With energy prices remaining stubbornly high, the little things start to add up. A Wi-Fi hub might not consume much energy by itself, but it’s on round the clock, 365 days per year. And its energy demands are gradually ticking up, with the increasing popularity of mesh routers and the more demanding Wi-Fi 7. Wi-Fi is a power vampire and the industry needs to do something about it.
The good news: at this week’s Wi-Fi World Congress in Brighton, multiple companies pledged to tackle Wi-Fi’s bloodthirsty appetite for electricity.
The Wi-Fi power problem
The always-on nature of Wi-Fi routers means that, unlike many pieces of technology, they consume more energy during their lifetime than they do during their manufacture. Eighty-six percent of a Wi-Fi router’s total power consumption comes from usage, according to Paul Robson. As senior manager for tech strategy at Liberty Global, the parent company of Virgin Media, he should know.
Worse, the power demands of Wi-Fi equipment are steadily increasing. Mesh systems that dot multiple Wi-Fi hubs around homes and businesses are becoming an increasingly popular way to negate Wi-Fi dead spots. But that means multiple devices plugged in around the home or office instead of only one.
Newer Wi-Fi 6E and Wi-Fi 7 devices also increase bandwidth by accessing the 6GHz band, but they require extra radios inside the Wi-Fi router. More radios means more power.
An extra couple of watts may not make a big difference to you, but multiply that across tens of millions of homes and businesses. That extra power requirement could have a hugely significant impact. A saving of 2W on 25 million Wi-Fi hubs would generate 300-400 gigawatt hours of energy per year, roughly the equivalent of a coal power station’s output, according to Lionel Gremeau, product marketing director of SoftAtHome, a broadband software company.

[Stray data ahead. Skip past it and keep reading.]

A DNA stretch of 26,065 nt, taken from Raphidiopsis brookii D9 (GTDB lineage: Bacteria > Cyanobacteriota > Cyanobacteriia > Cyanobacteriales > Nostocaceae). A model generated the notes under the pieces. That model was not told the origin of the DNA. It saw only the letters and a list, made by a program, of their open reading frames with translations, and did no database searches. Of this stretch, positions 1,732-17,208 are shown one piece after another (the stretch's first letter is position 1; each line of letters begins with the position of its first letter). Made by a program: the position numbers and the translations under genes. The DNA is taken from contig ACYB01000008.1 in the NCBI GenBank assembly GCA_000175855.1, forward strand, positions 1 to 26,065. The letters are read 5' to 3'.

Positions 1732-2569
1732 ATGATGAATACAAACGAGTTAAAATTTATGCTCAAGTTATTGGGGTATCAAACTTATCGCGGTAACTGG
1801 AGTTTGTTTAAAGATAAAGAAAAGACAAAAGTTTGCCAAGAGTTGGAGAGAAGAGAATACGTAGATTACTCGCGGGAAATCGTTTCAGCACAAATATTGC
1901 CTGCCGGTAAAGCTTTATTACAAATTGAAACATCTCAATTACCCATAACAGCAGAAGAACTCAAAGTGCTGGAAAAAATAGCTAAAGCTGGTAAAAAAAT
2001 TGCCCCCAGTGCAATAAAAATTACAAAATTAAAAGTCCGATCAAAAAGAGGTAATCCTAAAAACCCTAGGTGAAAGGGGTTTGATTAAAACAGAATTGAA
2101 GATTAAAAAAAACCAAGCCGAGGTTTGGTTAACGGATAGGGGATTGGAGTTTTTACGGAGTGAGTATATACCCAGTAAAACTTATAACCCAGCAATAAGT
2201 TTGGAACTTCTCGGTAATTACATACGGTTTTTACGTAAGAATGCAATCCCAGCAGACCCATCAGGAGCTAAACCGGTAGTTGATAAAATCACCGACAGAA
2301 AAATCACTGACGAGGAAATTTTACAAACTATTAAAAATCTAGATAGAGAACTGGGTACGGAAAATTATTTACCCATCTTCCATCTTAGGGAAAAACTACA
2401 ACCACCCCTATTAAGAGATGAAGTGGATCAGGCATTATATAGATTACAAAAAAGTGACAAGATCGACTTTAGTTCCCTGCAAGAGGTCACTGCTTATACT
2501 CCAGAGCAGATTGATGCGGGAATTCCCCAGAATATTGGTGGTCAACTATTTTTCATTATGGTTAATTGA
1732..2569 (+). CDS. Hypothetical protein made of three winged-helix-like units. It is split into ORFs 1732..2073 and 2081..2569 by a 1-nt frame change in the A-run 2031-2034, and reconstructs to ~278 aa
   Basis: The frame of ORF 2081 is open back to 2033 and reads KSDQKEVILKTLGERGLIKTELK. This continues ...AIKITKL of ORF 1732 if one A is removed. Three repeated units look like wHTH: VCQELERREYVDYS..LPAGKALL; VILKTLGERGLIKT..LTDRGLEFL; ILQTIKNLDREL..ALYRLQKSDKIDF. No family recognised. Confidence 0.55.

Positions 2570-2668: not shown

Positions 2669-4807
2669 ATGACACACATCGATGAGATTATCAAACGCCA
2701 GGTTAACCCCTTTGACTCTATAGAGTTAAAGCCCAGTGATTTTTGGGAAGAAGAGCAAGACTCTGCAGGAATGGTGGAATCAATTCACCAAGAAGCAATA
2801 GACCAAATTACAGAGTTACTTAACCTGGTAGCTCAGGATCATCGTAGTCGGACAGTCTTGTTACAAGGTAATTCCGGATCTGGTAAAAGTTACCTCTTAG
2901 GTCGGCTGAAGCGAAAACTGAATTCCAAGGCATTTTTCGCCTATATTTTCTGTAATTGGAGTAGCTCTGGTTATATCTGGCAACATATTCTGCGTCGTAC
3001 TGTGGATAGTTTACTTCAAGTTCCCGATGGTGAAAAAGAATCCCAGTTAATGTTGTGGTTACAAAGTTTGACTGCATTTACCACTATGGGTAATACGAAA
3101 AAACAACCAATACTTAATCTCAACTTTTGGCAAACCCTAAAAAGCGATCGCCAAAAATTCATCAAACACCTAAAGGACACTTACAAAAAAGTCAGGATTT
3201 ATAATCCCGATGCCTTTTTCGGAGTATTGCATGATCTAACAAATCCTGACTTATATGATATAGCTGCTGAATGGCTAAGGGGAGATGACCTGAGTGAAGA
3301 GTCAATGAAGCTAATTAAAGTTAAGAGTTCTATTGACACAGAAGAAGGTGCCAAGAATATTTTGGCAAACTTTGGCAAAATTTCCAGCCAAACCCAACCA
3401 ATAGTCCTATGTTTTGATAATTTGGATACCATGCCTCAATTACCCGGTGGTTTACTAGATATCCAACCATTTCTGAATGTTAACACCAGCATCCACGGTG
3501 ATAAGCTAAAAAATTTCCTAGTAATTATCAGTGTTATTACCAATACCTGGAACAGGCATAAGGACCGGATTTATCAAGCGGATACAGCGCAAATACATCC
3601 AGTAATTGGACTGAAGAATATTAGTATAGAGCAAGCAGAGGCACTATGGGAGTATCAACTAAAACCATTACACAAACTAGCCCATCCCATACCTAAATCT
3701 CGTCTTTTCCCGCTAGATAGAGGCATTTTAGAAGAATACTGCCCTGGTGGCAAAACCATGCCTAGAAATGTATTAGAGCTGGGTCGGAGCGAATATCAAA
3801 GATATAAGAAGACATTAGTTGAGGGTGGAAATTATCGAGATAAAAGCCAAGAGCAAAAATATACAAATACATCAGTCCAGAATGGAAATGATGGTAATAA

Reducing Wi-Fi power
How can we reduce Wi-Fi’s energy appetite? “Wi-Fi powering needs to be smarter,” said SoftAtHome’s Lionel Gremeau.
That could mean intelligently adjusting the router’s power state so that it switches between full power, idle, light sleep and deep sleep modes, depending on what’s happening on the network at the time. Manufacturers could activate deep sleep mode overnight, for instance, when there is little or no traffic on the network. In that state, it might consume as little as 1W, potentially reducing overall power consumption by as much as 40%.
The router could be scheduled to enter different power states at certain times of day. Or users could press a button when they go to bed or leave the office at night.
Power modes could also be assigned dynamically. Liberty Global’s Paul Robson raised the prospect of Dynamic Eco Save modes, which the user must opt-out of rather than opt-in. No Wi-Fi 6E or Wi-Fi 7 devices on the network? Then turn off the 6GHz radios inside the router.
“It’s got to be seamless,” said Robson. “It’s got to work with every Apple device, every Samsung device. It’s absolutely key this is standardised.” Robson said the Wi-Fi 8 standard – which is several years down the line – would be the target for such measures.
There may come a point when Wi-Fi equipment manufacturers have no choice but to implement power-saving measures. The EU already imposes limits on the power of Wi-Fi signals and it may well impose device limits, too. “Part of the need will come from legislation,” said Robson. “The EU will demand that you have to use less than 8W on standby, or whatever.”
The vampires lurking inside our routers may need to find a new home.
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